Make your own free website on Tripod.com

Home Black House Spider Black Widow Spider Brazilian Spider Brown Recluse Spider Brown Widow Spider Funnel Web Spider Hobo Spider Mouse Spider Six Eyed Sand Spider Tarantula Spider Wolf Spider Yellow Sack Spider

Tarantula Spider

 

Tarantulas are nocturnal creatures and they are considered aggressive. It often lives in silken retreats under the bark or in cavities of dead trees. Tarantulas are found in tropical and desert regions around the world. These spiders hunt prey in both trees and on the ground. The biggest tarantulas can kill animals as large as lizards, mice, or birds. Most tarantulas are harmless to humans, and some species are popular in the exotic pet trade while others are eaten as food. Besides the normal "hairs" covering the body of tarantulas, some also have a dense covering of irritating hairs called urticating hairs, on the opisthosoma, that they sometimes use as a protection against enemies. These fine hairs are barbed and designed to irritate. They can be lethal to small animals such as rodents. Some people are extremely sensitive to these hairs, and develop serious itching and rashes at the site (eyes, nose, and skin) and more dangerously, the lungs and airways, if inhaled. Exposure of the eyes and breathing system to urticating hairs should be strictly avoided. Species with urticating hairs can kick these hairs off: they are flicked into the air at a target using their back pairs of legs. Before biting, tarantulas may signal their intention to attack by rearing up into a "threat posture", which may involve raising their prosoma and lifting their front legs into the air, spreading and extending their fangs, and (in certain species) making a loud hissing noise by stridulating. Their next step, short of biting, may be to slap down on the intruder with their raised front legs. If that response fails to deter the attacker they may next turn away and flick urticating hairs toward the pursuing predator. Their next response may be to leave the scene entirely, but, especially if there is no line of retreat, their final response may also be to whirl suddenly and bite. Tarantulas can be very deceptive in regard to their speed because they may habitually move very slowly, but are able to deliver an alarmingly rapid bite when sufficiently motivated.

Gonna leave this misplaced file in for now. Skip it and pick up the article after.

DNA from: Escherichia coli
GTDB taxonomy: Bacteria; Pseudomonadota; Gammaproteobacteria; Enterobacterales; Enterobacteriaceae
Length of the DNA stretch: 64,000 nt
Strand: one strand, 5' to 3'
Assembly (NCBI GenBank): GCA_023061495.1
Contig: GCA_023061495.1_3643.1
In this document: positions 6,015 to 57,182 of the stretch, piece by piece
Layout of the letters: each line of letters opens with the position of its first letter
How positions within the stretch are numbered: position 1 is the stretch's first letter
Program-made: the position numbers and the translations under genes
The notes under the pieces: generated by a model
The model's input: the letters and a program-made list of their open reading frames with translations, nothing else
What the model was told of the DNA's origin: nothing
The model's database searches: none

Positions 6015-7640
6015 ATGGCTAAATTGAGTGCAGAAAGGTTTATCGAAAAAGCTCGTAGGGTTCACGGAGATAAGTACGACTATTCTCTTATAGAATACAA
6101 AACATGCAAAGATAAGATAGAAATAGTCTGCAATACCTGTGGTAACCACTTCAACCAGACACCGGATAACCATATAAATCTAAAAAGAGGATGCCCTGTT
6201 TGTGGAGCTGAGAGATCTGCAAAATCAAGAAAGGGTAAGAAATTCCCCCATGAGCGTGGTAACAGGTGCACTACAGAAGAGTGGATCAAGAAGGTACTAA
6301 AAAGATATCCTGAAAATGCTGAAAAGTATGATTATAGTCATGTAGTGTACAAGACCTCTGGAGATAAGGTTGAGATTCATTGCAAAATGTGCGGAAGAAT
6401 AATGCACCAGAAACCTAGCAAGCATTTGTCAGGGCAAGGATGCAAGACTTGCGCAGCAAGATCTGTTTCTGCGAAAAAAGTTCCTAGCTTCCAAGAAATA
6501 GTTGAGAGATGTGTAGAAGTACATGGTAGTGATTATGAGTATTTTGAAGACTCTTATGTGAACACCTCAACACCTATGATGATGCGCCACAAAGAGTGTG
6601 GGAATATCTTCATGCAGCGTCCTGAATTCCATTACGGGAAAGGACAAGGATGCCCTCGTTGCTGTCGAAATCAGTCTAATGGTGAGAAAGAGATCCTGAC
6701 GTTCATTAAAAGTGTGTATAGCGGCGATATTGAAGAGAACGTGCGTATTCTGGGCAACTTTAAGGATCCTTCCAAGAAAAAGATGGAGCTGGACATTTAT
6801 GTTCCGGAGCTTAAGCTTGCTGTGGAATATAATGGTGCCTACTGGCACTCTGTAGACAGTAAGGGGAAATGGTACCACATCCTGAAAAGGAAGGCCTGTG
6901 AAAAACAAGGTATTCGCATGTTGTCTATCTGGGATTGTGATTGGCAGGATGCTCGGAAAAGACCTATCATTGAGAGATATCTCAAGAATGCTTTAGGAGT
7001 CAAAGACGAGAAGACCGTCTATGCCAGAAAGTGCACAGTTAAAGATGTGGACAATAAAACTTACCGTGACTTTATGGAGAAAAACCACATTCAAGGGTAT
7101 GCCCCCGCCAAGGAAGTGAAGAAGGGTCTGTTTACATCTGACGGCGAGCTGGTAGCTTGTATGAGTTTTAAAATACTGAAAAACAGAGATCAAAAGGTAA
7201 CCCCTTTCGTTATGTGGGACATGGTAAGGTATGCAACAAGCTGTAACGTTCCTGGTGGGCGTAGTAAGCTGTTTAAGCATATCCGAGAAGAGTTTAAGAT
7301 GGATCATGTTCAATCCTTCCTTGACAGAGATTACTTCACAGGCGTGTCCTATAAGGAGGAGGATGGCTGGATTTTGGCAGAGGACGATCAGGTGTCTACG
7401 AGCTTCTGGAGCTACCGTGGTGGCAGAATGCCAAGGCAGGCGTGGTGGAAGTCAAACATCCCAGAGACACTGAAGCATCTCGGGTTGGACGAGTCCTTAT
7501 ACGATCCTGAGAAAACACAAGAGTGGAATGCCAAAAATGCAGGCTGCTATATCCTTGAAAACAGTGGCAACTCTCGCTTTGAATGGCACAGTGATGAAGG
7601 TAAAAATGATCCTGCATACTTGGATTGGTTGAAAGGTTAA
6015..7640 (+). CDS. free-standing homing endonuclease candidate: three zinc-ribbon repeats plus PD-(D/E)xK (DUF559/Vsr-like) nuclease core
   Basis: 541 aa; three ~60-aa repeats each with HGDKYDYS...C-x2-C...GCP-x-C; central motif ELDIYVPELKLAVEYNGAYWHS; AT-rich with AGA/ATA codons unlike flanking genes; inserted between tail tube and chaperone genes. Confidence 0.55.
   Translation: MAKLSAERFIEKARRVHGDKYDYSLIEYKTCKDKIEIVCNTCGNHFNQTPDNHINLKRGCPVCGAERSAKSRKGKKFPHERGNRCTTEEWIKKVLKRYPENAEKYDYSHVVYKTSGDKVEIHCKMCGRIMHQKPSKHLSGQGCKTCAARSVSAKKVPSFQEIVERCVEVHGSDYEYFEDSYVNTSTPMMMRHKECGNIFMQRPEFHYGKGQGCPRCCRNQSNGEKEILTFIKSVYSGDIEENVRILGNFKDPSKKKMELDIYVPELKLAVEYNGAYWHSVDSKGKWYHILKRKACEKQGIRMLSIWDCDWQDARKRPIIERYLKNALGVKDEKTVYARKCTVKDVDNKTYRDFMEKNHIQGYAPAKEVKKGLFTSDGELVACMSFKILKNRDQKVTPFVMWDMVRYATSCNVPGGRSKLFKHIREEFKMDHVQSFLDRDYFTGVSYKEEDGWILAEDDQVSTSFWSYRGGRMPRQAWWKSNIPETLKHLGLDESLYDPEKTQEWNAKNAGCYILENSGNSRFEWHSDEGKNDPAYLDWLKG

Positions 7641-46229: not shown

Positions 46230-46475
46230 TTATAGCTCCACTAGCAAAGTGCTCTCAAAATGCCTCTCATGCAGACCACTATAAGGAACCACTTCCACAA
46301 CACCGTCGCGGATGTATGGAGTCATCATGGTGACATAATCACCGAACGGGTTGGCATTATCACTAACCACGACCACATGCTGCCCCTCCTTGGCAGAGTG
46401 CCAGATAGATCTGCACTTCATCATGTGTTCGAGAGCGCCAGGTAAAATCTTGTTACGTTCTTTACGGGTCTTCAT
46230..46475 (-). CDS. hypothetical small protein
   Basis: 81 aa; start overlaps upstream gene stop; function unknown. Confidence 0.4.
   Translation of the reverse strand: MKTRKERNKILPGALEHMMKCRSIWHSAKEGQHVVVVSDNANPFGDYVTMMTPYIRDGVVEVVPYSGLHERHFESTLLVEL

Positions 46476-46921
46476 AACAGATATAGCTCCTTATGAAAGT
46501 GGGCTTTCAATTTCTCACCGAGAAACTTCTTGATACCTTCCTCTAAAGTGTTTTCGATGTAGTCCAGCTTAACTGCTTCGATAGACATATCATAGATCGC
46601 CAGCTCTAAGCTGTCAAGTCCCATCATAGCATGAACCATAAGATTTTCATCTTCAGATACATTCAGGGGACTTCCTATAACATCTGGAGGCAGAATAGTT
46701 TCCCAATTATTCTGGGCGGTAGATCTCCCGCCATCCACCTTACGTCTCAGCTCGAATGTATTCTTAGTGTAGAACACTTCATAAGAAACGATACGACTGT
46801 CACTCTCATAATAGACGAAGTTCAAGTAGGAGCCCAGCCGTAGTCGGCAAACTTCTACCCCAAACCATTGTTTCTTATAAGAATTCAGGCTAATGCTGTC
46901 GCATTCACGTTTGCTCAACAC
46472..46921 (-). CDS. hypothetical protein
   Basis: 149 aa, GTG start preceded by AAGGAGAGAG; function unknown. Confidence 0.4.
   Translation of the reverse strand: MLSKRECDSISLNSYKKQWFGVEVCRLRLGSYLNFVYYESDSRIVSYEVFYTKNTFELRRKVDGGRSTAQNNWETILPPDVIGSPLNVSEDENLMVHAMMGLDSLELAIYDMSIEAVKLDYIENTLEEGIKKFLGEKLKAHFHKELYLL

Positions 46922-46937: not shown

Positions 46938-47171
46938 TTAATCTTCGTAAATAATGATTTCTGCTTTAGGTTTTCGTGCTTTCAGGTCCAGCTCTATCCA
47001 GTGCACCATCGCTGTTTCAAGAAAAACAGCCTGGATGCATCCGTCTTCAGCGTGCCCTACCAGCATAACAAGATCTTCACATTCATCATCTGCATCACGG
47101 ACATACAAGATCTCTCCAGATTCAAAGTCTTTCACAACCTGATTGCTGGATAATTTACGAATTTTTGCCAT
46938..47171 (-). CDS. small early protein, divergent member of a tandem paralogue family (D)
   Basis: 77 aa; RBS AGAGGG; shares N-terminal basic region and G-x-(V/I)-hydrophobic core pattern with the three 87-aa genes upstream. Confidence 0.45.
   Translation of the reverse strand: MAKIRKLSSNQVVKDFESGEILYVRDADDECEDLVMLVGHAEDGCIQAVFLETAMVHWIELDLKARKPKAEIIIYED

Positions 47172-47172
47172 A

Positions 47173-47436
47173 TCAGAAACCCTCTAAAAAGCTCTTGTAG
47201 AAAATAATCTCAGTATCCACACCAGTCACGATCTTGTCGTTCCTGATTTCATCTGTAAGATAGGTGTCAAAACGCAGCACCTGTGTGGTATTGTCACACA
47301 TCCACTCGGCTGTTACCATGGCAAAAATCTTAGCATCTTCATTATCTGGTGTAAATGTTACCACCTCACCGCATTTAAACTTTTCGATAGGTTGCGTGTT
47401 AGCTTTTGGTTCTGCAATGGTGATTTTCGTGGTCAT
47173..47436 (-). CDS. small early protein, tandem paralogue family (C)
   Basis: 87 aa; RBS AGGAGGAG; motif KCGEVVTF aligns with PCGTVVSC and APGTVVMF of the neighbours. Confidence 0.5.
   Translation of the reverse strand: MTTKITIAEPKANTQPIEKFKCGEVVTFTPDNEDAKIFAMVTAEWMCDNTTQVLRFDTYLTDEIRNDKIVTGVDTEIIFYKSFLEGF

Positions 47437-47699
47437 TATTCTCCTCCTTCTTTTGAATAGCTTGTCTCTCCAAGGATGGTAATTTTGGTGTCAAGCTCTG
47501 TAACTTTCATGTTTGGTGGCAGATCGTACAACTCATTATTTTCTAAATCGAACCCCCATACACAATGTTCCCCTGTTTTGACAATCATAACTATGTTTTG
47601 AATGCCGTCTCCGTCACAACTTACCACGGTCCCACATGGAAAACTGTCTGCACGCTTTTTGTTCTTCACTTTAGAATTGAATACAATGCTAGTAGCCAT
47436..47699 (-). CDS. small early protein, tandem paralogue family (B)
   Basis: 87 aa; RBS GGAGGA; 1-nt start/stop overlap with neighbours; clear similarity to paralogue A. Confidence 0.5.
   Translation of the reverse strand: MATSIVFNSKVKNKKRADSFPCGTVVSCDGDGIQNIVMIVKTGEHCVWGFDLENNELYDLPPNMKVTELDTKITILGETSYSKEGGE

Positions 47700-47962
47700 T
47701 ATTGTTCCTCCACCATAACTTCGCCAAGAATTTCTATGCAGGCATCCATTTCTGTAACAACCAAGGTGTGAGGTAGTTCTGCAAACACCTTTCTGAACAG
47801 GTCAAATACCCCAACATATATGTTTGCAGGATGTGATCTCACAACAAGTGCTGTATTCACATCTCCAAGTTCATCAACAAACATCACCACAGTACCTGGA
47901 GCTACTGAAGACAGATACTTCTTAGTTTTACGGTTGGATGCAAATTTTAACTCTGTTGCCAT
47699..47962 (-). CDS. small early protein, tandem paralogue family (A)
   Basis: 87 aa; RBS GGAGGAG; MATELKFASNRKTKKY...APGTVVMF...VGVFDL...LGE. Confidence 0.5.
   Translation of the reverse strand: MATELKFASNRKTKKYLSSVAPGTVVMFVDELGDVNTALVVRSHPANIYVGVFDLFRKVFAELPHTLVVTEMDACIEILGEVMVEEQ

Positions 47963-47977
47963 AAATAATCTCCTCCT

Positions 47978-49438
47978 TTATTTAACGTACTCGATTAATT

The length of Tarantulas varies from 6-8 cm (males) to 14-16 cm (females). The largest ever recorded was 20 cm. The legs of a tarantula are banded black and white. It has a yellow colour underneath the first two pairs of legs. It has a dark abdomen with a broad central cream coloured band. Its carapace is grey with cream markings. The largest species of tarantulas can weigh over 9.1 grams.

Despite their often scary appearance and reputation, none of the true tarantulas are known to have a bite which is deadly to humans. Because other proteins are included when a toxin is injected, some individuals may suffer severe symptoms due to an allergic reaction rather than to the venom. For both those reasons, and because any deep puncture wound can become infected, care should be taken not to provoke any tarantula into biting. A bite is followed by pain, redness and swelling at the site of the wound. The bite isn't fatal, but in order to avoid bacterial infections you should wash the area with soap and water. Do seek immediate medical treatment if you observe any abnormal allergic reaction.